What is the estimated population (current 2020) in your Place?


Challenges: Describe the current (2020) and the future (2050) challenges that your food system faces.

In 2020, Central Victoria boasts a sophisticated and robust Food System that produces more than enough food locally to both feed its own population and have a strong growing export market. 

We have a very multicultural society and from that a rich and diverse food system and food cultures have developed. The real engine of this food system is the migrant families who often over generations have built the foundations by farming the soils, selling produce at the markets and adding value through processing and running the vast network of cafes and restaurants.

In parallel to that system has been running the corporatisation of the Food system with Big Ag farming that pushes monoculture crops and feedlot livestocks powered by Big Pharma fertilizers, pesticides, herbicides, fungicides, antibiotics and intensive tilling to drive short term yield maximization and maximum short term shareholder returns. These foods then supply the Big Factory processors and Big Business supermarket retailers. Mergers and acquisitions focused on shareholder returns seem to leave suppliers and consumers as the losers who need to work harder for less to stay in business.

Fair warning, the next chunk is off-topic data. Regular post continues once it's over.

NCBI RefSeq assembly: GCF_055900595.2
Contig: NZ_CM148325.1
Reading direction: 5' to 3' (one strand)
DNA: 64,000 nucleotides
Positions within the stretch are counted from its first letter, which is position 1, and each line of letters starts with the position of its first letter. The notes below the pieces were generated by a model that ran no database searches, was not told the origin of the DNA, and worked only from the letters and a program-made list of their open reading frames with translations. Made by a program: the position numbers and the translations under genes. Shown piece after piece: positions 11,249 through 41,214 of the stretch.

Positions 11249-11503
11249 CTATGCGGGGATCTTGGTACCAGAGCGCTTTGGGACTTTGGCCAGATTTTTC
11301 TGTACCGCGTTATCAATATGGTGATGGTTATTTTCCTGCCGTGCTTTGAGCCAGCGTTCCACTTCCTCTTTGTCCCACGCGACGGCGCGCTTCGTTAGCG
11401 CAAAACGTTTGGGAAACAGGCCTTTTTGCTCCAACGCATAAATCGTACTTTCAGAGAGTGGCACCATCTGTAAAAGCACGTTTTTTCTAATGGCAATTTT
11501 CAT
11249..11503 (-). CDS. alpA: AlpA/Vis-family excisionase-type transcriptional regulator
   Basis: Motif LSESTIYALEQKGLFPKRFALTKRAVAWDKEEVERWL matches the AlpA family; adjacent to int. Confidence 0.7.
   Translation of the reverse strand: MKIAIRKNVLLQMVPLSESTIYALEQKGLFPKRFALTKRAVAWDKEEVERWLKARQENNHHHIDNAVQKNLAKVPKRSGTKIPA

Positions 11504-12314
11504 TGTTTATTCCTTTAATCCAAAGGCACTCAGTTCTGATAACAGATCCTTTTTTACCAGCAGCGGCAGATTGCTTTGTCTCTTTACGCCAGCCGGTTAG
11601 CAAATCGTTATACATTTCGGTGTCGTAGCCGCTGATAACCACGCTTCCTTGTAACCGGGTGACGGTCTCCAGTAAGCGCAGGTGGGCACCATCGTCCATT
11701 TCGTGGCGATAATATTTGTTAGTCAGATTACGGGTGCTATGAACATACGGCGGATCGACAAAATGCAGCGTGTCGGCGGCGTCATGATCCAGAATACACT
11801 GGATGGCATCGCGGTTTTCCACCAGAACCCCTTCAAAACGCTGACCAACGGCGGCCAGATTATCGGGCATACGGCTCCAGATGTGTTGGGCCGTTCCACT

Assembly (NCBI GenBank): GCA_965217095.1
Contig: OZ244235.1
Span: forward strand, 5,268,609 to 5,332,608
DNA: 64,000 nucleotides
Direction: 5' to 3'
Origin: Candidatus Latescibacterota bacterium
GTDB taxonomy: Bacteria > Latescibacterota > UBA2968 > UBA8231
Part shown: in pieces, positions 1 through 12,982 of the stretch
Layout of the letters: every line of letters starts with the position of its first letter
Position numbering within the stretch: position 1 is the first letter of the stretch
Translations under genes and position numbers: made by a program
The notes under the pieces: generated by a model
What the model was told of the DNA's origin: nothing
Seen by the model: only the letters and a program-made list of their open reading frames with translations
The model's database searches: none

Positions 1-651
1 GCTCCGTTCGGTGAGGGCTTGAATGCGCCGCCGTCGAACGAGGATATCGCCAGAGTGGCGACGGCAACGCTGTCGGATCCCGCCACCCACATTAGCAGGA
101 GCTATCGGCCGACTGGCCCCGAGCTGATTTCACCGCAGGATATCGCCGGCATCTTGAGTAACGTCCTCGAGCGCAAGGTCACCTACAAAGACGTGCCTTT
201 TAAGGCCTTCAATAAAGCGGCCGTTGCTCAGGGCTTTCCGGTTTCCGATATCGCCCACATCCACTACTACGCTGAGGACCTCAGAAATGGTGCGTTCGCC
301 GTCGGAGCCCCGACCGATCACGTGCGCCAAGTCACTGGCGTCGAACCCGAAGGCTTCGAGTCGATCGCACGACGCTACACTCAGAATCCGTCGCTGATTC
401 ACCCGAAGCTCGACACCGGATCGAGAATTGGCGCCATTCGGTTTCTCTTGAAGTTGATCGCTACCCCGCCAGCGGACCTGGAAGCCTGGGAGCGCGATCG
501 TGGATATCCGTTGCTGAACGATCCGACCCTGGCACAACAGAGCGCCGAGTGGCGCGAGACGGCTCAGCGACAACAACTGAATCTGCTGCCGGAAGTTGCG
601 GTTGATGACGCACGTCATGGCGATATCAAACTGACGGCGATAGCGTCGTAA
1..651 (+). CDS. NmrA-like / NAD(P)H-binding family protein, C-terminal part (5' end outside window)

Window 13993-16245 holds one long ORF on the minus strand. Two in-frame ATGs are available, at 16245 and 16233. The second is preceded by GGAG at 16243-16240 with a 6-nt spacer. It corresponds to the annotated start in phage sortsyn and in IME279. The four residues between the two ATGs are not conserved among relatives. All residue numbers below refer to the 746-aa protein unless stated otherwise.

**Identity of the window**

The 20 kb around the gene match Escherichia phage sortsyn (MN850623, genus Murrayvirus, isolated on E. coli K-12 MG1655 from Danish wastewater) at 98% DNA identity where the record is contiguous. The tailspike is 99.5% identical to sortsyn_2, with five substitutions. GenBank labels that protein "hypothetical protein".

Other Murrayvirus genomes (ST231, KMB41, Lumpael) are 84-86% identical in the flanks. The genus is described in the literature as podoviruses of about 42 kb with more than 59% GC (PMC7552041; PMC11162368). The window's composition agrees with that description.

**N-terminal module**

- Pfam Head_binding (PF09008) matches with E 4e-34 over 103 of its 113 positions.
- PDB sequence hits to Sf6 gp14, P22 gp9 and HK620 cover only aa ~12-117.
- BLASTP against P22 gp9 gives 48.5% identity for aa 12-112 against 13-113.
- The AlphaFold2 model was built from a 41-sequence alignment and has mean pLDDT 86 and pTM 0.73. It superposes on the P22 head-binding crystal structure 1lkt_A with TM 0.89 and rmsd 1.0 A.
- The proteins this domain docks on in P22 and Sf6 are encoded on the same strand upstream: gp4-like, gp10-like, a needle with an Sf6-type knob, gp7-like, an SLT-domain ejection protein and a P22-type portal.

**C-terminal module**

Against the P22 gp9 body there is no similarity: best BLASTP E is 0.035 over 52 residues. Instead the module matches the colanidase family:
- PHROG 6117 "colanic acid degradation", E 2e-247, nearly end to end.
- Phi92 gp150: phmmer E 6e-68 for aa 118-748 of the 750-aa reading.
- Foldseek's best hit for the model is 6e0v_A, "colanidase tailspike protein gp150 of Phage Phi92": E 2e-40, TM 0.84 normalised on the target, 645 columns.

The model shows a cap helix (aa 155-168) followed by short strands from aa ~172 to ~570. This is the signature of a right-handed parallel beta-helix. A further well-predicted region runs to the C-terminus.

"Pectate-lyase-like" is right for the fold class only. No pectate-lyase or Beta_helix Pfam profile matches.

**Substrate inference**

The Big Ag system is overlaid by neoliberal politics that doesn’t seem to be delivering on its ‘trickledown’ benefits with a growing social divide that’s resulting in rising rates of food insecurity, eating more less nutritious foods resulting in higher obesity, diabetes and other health issues.

Thankfully the vast majority of the population are still enjoying the abundance of good food experiences that rank us as a top Foodie state.

As we move towards 2050 on a trajectory of consumerism and short-termism, we face the impending effects of the Climate Crisis such as drought, flood, bushfires and soil and ecosystem degradation, we can expect this abundance may no longer be the case. 

In 2020 we are already seeing elsewhere in Australia crippling droughts with depleted water systems, floods and of course the recent devastating bushfires.

So the real challenge that lies ahead is how do we transform our economy and change our landcare practices to regenerate the soils, so they are resilient enough to cope with Climate Change events.   Of course these same challenges are faced elsewhere on the planet.

In a global world based on market forces, agriculture failures in other regions will push up demand and prices for Victorian produce, sending produce offshore and exacerbating local food security risks. Given Victoria’s economy and social structure is so food dependent the risk of a financial collapse becomes more real.

So one scenario is we move towards scarcity.

Instead we need to steer towards abundance,  from our current course can reduce the impact of the risks that drought, flood, storm, bushfire, pollination and water supply crises might bring.

A detailed vision of the challenges for all stakeholders is attached as Part 2 of the three supporting documents.